He says of all those admitted in health centres, 7% were fatalities—a figure slightly higher than the acceptable rates of 5% by the World Health Organisation.
He says, this is expected to increase further in the coming months since the district in particular and Karamoj a sub-region expects a food crisis which is expected to peak in either August or September, the most terrible months for the Karimojong.
During this period when most of the crops are not yet ready, you do not want to visit a Karimojong homestead or manyatta.
In a statement delivered to her fellow MPs in early July to explain the hunger situation in Karamoja, Janet Museveni, the First Lady who also doubles as Minister for Karamoja Affairs stated that the situation in Karamoja is not as severe as it is portrayed in the media.
She said food scarcity is most severe in Kabong, Moroto and Napak out of the seven districts in the sub-region and blamed the fragility of the environment and the climate of Karamoja.
According to Mrs Museveni, four years ago, over 75% of households in Karamoja were dependent on food aid for survival and were not producing anything at all.
Today only 10% are categorised as highly vulnerable households and are in need of food aid.
But that is the official narrative. The reality on the ground is quite different.
In the Pokot area Tokora Parish, Kakomongole sub-County in Nakapiripirit District, is the Tokora Community Disaster Risk Reduction Management Committee which is supposed to help about 5000 people.
Like in the other parts of the region, since 2009, drought has been a major hazard affecting the community and therefore food shortage has been inevitable. In Tokora, drought happens every year within the period of March to July.
Organised by ACTED, the group of people has put up a cereal bank and grows early maturing vegetables in response to droughts. The community has also gained skills of identifying and mitigating local hazards such as drought which is the community identified as the most critical.
There are eight villages within the Parish and the food at the cereal bank was meant to rescue the elderly, children and the orphans.
But this year the food bank has little food left and come October, they expect a food crisis. At the time of our visit on July 18, the group’s cereal bank which by estimates can store hundreds of bags of maize, sorghum and beans, had only four bags of maize and beans left.
Margaret Kodet, the group’s treasurer, says the cereal bank was designed to help villagers avoid walking long distances to buy food.
Last year, members stocked 500kgs of beans and 1,100 Kgs of maize, 1000kgs of sorghum worth about Shs 1.3m but due to rampant hunger within the communities, most of the stock has been eaten.
Although there are now plans by the government to distribute over 6000 metric tonnes of food in the months of July and August, the people of Tokora have not had any contact with any government officials. They are worried because a lot has changed in the past couple of years.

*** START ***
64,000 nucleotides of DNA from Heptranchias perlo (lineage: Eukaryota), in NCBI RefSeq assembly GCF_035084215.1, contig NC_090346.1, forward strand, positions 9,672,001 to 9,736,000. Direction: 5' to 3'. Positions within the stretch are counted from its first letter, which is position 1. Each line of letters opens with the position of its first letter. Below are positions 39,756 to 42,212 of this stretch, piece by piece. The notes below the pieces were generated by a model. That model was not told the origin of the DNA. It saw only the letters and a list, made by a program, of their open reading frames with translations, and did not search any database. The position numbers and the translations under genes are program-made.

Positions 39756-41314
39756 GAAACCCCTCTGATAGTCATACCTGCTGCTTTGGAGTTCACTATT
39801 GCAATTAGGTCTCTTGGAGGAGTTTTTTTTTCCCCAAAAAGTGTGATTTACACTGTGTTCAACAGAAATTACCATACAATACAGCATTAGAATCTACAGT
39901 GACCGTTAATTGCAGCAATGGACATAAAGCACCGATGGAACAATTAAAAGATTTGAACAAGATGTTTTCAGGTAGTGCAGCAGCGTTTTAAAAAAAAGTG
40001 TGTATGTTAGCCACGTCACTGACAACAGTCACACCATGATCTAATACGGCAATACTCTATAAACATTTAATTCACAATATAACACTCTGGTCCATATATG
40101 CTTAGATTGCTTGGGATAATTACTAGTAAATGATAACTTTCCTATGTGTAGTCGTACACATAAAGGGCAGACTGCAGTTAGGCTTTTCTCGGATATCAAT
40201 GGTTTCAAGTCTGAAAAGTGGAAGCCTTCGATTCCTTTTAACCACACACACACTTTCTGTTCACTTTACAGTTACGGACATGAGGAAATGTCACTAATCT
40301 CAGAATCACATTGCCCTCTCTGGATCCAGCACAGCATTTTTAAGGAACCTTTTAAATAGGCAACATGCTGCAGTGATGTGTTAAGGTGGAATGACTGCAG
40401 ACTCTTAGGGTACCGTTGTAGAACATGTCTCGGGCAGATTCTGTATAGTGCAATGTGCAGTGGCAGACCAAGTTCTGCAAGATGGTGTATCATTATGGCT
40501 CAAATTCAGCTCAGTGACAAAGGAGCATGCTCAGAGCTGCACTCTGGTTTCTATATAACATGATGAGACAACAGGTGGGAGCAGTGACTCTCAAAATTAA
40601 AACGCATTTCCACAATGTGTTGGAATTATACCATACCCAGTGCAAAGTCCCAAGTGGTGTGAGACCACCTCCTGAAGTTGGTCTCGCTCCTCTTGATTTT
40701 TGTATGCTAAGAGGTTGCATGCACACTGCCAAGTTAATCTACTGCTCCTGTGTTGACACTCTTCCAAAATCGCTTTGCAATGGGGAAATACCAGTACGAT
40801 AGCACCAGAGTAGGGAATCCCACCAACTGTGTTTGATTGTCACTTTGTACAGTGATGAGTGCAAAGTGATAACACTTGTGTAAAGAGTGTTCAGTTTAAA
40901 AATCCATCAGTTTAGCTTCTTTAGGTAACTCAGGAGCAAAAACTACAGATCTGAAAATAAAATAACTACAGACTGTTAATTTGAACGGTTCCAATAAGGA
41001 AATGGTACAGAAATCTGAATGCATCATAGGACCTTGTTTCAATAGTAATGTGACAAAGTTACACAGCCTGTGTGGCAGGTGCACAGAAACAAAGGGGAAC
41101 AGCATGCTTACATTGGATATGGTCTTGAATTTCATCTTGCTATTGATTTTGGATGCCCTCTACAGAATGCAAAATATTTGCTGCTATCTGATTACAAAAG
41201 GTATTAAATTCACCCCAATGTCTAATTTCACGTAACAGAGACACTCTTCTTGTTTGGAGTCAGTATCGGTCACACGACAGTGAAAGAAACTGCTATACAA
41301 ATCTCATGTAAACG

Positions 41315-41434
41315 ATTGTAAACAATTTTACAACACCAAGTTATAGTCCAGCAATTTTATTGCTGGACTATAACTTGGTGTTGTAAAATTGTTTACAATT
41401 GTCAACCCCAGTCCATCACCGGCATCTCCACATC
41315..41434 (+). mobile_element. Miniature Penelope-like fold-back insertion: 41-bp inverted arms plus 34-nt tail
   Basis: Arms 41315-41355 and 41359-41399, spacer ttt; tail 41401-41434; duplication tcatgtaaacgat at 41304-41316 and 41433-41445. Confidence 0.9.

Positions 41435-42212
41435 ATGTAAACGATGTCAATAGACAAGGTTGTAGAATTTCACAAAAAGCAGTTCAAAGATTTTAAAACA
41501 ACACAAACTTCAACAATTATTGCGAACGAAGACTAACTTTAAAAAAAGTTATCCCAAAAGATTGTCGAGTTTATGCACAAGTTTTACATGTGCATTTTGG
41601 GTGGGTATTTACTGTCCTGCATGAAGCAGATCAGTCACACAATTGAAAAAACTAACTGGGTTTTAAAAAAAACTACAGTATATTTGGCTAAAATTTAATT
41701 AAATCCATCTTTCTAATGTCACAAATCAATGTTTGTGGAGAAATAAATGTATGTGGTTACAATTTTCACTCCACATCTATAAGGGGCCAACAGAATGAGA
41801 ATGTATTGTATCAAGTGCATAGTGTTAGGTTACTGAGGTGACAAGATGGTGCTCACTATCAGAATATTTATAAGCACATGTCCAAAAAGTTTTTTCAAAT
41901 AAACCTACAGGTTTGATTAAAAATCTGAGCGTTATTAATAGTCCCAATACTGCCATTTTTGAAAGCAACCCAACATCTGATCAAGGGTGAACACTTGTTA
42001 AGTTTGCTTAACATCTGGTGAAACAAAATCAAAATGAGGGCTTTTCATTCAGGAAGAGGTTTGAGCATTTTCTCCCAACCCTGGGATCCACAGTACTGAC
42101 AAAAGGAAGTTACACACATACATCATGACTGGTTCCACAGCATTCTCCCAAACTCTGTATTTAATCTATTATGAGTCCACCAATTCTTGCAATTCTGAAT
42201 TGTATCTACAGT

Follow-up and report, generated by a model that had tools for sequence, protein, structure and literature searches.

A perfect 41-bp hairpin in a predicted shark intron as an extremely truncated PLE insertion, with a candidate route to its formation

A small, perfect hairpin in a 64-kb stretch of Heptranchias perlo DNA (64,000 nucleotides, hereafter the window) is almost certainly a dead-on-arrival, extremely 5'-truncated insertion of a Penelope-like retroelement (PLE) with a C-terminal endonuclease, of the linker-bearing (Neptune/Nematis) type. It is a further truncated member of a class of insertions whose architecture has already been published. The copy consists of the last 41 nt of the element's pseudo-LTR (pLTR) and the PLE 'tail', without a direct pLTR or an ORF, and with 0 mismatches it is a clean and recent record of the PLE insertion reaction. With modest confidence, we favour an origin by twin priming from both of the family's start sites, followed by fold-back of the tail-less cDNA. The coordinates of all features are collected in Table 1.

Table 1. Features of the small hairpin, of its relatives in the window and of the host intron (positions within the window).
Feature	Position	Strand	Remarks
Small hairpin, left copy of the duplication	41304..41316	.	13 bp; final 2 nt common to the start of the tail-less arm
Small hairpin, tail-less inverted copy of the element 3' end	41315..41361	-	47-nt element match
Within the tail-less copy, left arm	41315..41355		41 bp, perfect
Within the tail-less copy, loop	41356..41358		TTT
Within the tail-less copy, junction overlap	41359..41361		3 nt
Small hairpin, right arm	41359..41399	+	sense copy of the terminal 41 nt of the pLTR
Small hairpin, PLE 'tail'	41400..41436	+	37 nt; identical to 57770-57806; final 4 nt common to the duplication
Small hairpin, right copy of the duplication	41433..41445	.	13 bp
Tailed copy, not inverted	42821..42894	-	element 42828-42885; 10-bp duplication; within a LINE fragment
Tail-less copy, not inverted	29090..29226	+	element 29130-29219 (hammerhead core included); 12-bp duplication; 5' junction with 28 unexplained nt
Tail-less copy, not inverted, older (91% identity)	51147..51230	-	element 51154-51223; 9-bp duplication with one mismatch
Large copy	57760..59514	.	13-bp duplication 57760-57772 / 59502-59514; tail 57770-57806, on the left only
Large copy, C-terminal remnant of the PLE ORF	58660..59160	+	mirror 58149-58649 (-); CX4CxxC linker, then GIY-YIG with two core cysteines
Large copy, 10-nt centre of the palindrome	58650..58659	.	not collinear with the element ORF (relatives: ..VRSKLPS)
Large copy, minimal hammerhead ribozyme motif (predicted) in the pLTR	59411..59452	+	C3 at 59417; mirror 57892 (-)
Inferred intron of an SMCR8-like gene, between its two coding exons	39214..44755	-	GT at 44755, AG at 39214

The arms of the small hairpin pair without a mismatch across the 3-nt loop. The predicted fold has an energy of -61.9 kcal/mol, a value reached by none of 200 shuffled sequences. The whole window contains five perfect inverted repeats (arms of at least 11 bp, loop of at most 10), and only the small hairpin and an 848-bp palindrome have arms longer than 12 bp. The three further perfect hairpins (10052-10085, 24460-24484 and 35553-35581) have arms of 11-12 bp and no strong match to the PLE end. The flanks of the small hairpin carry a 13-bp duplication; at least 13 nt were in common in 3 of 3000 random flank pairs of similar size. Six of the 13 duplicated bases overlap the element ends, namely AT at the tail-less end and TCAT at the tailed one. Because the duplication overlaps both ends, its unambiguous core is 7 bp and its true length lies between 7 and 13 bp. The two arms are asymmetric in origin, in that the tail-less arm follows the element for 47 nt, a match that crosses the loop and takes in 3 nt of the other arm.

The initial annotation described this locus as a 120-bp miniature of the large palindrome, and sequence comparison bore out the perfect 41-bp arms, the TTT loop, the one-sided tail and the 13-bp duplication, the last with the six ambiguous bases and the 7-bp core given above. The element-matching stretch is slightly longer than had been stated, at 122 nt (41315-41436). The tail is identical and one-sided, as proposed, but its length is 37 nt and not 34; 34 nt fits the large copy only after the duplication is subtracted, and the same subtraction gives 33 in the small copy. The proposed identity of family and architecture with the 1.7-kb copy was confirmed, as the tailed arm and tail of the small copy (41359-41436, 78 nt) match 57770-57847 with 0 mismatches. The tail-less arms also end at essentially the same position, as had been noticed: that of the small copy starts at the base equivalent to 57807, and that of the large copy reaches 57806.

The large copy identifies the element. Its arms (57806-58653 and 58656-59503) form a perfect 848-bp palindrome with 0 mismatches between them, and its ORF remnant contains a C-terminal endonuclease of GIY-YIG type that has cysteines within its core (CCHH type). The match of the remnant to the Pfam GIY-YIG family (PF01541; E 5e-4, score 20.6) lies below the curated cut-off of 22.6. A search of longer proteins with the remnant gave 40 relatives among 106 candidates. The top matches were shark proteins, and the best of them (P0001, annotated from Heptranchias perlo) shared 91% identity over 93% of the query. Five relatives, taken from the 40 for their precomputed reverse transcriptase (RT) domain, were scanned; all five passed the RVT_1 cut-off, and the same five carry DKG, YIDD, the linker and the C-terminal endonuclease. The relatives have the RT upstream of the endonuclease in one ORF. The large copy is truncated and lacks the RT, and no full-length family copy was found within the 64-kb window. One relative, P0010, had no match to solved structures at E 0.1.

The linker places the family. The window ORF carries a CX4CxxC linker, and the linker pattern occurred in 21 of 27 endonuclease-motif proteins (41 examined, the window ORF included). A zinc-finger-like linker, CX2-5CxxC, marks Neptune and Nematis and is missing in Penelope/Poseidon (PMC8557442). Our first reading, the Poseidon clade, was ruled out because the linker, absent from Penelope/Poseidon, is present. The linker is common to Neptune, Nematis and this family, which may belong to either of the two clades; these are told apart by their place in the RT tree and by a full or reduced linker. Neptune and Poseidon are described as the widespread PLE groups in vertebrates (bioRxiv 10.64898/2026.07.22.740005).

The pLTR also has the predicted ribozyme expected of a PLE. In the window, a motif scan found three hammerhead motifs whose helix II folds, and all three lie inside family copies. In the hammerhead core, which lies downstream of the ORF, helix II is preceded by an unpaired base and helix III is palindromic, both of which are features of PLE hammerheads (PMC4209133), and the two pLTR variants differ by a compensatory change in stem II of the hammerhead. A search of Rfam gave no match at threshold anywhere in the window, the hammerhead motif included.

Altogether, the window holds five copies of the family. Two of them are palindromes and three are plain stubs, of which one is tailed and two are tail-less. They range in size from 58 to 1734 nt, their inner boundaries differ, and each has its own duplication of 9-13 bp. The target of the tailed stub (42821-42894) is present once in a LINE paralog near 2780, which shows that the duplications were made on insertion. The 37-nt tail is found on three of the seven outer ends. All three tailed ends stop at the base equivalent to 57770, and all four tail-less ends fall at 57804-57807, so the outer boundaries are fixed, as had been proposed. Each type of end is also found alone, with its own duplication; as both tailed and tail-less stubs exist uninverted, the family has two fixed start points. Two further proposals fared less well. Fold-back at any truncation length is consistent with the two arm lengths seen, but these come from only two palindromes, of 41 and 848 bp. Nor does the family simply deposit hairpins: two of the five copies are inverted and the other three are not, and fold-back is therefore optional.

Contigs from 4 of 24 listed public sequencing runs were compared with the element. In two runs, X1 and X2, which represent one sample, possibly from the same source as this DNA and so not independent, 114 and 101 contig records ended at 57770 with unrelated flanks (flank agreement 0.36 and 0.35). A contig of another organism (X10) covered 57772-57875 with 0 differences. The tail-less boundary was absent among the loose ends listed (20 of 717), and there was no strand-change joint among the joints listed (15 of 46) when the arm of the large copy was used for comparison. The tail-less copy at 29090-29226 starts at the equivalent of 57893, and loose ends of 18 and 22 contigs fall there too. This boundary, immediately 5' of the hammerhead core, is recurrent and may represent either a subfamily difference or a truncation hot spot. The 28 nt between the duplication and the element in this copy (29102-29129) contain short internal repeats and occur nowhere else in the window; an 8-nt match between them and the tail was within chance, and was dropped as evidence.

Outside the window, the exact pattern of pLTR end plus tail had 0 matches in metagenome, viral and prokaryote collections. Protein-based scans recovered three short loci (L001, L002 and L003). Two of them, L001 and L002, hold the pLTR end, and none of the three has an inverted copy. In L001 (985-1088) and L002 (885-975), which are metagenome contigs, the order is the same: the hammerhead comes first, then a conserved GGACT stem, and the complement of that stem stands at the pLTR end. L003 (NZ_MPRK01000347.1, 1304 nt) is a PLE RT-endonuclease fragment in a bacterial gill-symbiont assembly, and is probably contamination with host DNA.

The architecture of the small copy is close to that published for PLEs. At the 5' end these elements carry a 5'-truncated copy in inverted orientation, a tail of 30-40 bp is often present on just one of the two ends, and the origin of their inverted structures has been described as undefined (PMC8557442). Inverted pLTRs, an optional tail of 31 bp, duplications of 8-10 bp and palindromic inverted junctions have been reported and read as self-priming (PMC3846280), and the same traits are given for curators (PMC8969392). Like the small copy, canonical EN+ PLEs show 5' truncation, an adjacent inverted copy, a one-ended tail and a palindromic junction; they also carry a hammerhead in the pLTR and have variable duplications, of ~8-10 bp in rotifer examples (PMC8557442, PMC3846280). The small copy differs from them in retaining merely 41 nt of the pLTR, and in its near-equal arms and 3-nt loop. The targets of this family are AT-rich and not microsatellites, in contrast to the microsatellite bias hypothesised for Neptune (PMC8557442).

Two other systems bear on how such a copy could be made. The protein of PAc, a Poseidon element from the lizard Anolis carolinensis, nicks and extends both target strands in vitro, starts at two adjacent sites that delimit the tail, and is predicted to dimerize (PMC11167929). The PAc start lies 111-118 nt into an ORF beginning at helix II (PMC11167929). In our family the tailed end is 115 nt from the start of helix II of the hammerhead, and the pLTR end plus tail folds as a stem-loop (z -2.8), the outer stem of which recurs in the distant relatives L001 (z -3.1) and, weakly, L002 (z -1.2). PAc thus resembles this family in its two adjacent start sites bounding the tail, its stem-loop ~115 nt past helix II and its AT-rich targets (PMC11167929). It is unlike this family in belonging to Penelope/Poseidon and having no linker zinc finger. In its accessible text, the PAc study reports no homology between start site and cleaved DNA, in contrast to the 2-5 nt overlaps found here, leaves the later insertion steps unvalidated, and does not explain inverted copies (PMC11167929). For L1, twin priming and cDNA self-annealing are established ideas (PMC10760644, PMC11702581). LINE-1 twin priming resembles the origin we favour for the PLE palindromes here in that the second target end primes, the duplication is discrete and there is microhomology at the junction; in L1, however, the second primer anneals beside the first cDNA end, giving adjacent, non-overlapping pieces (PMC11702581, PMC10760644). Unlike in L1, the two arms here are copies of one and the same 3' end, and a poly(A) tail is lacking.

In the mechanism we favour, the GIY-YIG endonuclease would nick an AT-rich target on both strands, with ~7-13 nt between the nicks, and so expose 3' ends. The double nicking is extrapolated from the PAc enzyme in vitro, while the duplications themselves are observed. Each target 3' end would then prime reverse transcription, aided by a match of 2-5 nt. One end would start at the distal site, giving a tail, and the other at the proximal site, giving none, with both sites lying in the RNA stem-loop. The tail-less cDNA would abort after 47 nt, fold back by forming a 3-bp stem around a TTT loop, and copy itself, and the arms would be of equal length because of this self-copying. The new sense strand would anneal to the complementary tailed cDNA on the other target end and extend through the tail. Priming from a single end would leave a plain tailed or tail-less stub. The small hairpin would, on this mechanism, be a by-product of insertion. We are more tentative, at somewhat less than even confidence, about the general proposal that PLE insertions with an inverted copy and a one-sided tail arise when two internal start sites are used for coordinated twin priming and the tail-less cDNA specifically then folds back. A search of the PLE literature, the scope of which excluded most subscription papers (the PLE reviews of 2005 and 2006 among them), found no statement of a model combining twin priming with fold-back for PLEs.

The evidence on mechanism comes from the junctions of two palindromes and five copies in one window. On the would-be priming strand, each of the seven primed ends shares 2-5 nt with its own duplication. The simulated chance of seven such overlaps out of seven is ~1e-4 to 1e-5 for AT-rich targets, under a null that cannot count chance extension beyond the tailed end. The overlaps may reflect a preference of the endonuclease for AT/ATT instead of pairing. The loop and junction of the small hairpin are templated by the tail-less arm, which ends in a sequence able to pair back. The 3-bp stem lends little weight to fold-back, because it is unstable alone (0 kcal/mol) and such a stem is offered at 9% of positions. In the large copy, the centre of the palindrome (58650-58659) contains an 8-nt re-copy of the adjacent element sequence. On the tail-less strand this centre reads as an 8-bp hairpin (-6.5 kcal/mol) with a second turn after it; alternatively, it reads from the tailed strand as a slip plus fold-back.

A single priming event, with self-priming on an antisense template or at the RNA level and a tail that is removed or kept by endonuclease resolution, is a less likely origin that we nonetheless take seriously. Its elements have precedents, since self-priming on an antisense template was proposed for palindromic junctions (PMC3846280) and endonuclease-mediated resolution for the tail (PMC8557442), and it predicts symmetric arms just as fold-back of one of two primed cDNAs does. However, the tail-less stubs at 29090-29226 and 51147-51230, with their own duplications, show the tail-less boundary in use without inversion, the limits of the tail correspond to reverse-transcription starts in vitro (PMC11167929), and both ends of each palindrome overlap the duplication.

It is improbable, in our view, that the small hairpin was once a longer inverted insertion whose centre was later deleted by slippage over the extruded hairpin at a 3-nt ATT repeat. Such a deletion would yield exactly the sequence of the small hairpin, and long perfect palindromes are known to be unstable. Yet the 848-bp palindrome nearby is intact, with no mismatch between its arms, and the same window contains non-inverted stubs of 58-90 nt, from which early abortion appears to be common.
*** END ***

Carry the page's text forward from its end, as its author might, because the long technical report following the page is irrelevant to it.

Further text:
Relief NGOs led by the World Food Programme, with government’s backing, have stopped bringing food relief and are instead insisting that nomadic pastoralist communities get involved in settled agriculture.
Janet Museveni believes now security has been guaranteed, food production in Karamoja remains the top most priority and she thinks Karamoja has the potential of becoming food sufficient if more land is opened up for agriculture.
She also sees diversification of food crops, livestock breeds, harvesting water for production, elimination of dependence on food aid and boosting the school feeding programme as solutions to Karamoja’s problems.
In fact as one travels around the region, one can see small enclaves of her ideas being implemented—a valley dam here and there for harvesting rain water, large swathes of land opened by tractors and dozens of protected kraals, and even some modern settlements of brick/iron sheet-roofed houses.
Simon Peter Awas, a member of the Tokora community initiative, has embraced agriculture but says when he looks around this year; all crops in the gardens have withered.
“This season, there is nothing we are going to harvest and they are bracing for famine next year,” he told us through an interpreter. The people tried to cultivate but rains failed. The effects are already visible says Agatha Nangiro, a villager.
“The number of children in the trading centres looking for food is increasing,” she says. This is something already happening in Moroto town,” she says.
Indeed children of school-going age can be seen hanging around hotels and other eateries with the hope of either eating or taking home some left overs.
John Robert Adupa, one of the hundreds of reformed warriors who are now engaged in more peaceful and community development programmes, says this year, there is going to be serious famine. Adupa says since his group stopped rustling cattle, he has found living a settled life very difficult.
Adupa, 28, is married to three wives and has eight children. He now leads a 50-member group called Kobebe Drama Group in Moroto town that teaches people of Moroto town and the neighbouring communities on the causes and effects of drought.
After each performance, his group asks members of the community what they think of the message in the one hour skit.
But one such interactive on July 16 almost ended tragically as angry husbands, accused by their wives of irresponsibility and alcoholism, threatened violence. It was just 5pm in the early evening but already most adults in the community were intoxicated.
“This is the way of life here,” says Adupa grimly, “Since there is no digging, if you can’t find food, at least drink.”
In this intricate and dynamic environment, the challenges seem endless. Decades of dependence on food assistance has undermined self-reliance among the populations and Janet Museveni’s vision of making the region food secure appears a far dream.